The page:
I am especially grateful to hear this from Marilynne Robinson: “The essay on fear that [Jacobs] imagines I wrote for The New York Review of Books and its secular readership was actually a speech written for and read to a conservative church in Michigan.” That’s very encouraging and tempts me to withdraw or at least significantly modify my criticisms of her approach. It would be fascinating to know whether her arguments were understood differently by those two rather different audiences.
I am not sure why Robinson writes “I think the word ‘secularist’ itself is a crude presumption, disrespectful of the mysteries of the soul” — I don’t use the word “secularist” in the essay, though I quote Robinson herself saying “I have other loyalties that are important to me, to secularism, for example.” Why “secularism” is something she can be loyal to while “secularist” is crude and disrespectful I cannot guess, but in any case it’s not relevant to anything I wrote.
Lindsey Kerr’s point that “If the last shall be first and the first shall be last, we who seek to emulate Jesus Christ should aspire to a place in the street rather than a seat at the table” is one that I think about all the time. I wish I did a better job of living up to it. I think Cornel West, for all his showmanship, does that pretty well, which is why I think his career is so interesting and his lack of current influence (in comparison to his stature) so sad.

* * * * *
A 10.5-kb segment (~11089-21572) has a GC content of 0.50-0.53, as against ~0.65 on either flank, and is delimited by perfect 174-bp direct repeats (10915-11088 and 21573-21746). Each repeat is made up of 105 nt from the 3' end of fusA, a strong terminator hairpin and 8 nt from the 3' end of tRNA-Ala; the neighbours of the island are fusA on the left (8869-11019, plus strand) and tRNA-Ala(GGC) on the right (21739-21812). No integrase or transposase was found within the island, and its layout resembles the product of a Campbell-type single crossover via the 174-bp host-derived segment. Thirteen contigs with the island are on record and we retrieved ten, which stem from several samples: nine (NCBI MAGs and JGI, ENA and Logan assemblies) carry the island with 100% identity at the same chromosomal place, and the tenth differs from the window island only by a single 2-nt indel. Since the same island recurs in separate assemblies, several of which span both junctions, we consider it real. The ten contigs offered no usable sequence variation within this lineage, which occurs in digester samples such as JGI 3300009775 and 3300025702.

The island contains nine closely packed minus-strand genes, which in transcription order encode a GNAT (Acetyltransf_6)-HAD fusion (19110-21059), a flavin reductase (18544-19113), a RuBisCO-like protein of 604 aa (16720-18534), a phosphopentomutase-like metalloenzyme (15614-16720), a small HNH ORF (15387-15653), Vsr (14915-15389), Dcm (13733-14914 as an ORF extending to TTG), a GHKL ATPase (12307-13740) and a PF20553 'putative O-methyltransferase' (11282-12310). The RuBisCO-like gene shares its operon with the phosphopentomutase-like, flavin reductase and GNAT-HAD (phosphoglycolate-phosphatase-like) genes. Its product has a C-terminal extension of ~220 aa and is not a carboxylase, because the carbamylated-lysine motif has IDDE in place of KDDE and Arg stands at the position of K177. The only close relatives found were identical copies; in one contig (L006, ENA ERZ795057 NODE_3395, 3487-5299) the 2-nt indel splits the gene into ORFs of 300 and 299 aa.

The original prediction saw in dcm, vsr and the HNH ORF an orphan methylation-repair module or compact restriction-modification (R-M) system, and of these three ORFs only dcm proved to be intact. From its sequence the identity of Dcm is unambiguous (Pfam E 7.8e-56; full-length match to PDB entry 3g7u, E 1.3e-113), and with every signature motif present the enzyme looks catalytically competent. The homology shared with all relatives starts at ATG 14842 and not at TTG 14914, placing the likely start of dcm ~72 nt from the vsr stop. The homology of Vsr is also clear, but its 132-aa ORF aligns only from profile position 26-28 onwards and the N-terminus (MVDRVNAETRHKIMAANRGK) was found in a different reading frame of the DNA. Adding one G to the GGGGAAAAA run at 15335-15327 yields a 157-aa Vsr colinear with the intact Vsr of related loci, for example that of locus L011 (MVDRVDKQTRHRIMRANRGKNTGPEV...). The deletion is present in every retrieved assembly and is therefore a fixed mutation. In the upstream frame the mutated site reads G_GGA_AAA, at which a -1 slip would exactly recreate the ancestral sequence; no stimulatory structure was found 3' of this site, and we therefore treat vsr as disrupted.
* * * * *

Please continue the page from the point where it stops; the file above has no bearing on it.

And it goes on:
Pace Jack Jenkins, my decision not to name Martin Luther King, Jr. as one of my signal figures isn’t inexplicable: I explained it to him on Twitter and I developed the argument further here. I suspect that Jenkins is one of those people — I have heard from many of them — who can’t escape the thought that “intellectual” is always and necessarily a term of praise, Karl Mannheim be damned. Whaddyagonnado.
P.S. I’ve tagged all my posts about that essay “christianintellectuals.”